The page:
The Price of Success

  | Board of Directors, Food For Thought

A few years ago, I accepted a part time job running a fledgling program. It seemed perfect! I was committed to the mission, liked the hours, and was intrigued by the opportunity to build something from the ground up. Eighteen months later, the program was operating seven days a week, I was working full time with two staff, and the program was growing explosively. I jokingly told people I was the victim of my own success.

Cooperatives have a parallel narrative. Brattleboro Food Co-op, like many other cooperatives in the United States, began in the 1970’s when a small group of visionaries invested in an alternative model for purchasing food. These were small enterprises, frequently staffed by volunteers, and often located in storefronts or building basements. Forty-five years later we see that times have changed. Like our own, many co-ops have launched ambitious expansions and, on the surface, have the curbside and interior appeal of other grocery stores. When I moved to Brattleboro three years ago, I assumed that the physical store represented the undisputed success of the movement.

Now that I serve on the Board I know there is more to this narrative. The appeal of co-ops, and the market share they represent, haven’t gone unnoticed. Amazon has purchased Whole Foods; on-line grocery shopping has emerged; and packaged food “kits”—like Blue Apron—are available for home delivery. Americans are on the move! Almost half of all meals are consumed in a car! Conventional grocery stores have seen the winds of change and are offering organic and local fare, capitalizing on the growth in that market.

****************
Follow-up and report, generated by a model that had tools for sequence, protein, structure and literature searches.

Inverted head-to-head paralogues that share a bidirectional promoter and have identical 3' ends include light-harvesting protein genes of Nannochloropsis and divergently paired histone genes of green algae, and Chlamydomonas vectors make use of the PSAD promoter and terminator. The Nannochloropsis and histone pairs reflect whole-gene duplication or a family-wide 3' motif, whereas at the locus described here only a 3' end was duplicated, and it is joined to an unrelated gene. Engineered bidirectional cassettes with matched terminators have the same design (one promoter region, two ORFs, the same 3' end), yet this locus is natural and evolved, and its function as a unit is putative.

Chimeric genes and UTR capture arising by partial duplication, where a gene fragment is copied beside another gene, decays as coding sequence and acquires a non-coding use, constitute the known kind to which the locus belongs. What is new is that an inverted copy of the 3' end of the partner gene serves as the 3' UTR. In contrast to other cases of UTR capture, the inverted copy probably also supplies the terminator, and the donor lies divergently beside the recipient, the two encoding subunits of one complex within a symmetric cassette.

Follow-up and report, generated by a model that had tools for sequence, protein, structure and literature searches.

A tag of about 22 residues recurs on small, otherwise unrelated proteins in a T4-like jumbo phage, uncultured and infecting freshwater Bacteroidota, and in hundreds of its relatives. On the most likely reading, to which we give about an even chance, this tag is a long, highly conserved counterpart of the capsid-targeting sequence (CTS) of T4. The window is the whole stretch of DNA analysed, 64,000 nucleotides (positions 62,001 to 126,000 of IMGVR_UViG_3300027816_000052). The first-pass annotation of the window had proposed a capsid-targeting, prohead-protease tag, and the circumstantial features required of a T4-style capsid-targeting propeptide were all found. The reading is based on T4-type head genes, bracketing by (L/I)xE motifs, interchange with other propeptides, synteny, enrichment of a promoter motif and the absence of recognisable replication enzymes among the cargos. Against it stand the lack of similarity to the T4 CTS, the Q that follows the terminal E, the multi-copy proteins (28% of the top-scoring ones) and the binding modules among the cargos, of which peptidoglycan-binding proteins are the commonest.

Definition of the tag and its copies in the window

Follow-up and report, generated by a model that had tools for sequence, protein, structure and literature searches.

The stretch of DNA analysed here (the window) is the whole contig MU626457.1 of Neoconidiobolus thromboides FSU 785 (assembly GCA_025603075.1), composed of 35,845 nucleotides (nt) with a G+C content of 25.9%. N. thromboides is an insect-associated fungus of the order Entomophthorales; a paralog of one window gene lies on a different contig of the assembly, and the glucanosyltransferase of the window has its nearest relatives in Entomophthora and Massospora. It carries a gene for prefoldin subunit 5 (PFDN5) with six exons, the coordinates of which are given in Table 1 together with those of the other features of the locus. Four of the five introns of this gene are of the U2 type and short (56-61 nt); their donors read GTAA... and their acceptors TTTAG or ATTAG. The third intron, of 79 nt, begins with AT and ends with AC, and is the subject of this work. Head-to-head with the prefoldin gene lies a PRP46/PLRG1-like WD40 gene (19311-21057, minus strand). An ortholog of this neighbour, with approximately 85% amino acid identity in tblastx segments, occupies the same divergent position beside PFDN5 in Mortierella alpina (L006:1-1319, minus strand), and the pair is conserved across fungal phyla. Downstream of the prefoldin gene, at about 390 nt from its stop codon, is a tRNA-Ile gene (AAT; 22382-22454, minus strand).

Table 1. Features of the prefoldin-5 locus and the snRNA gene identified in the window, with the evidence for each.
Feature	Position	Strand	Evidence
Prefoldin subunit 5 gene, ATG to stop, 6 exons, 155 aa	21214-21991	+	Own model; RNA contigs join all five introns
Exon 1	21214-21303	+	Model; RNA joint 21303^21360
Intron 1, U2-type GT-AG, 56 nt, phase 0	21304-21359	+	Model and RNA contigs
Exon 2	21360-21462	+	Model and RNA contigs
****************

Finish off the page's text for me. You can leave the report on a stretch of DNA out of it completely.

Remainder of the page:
Co-ops are doubly challenged because they are mission-driven. They strive for profitability while remaining true to their vision and purpose, their raison d’etre. Cost effectiveness isn’t the only mantra: today’s co-ops are committed to sustainability, affordability, a livable wage for employee, fair trade and the local economy, diversity and respect for all, among other commitments. Co-ops value corporate citizenship, solidarity, and community initiatives and partnerships.

The Brattleboro Food Co-op has a generous discount program that is offered to many constituencies: seniors, working shareholders, employees and those receiving food assistance. Our Co-op’s discount program returned $700,000 last year to that population. At a recent meeting a fellow board member said: “This is a really large number”! Our General Manager talked about this in the July newsletter. Here is a paraphrase of some of what she said: we generated $20,000,000 in revenue, yet realized only $8,000 in net income. Health insurance premiums are expected to increase again, by another 20%. After completing a ninety-day probationary period, non-salaried employees are paid $13 an hour. It is only a matter of time until the minimum wage in Vermont will be $15 an hour. That conversation is happening in our national political debate. And even $15 an hour is a far cry from a livable wage!

I have spent a lifetime in human service work, advocating for the disenfranchised, those with mental health and addiction challenges and those combatting poverty. I was slow to the table on the issue of revisiting discounts, in part because I know many who struggle economically both personally and professionally. But, I have now come to understand, and accept, that our discount structure is not sustainable. Many innovative companies are defunct because the changing world left them behind: Polaroid, Kodak, Xerox to name a few. Like you, I value our Co-op for what it offers for purchase and what it gives to our local and global community. I want it to continue and to thrive.

Sabine will be holding conversations with our membership regarding changes to the discount program going forward. I ask you to listen with an open mind and an open heart. I encourage you to share your thoughts and concerns. I look forward to seeing you at these forums, at board meetings, or when our Board members are tabling.

by Mary Bené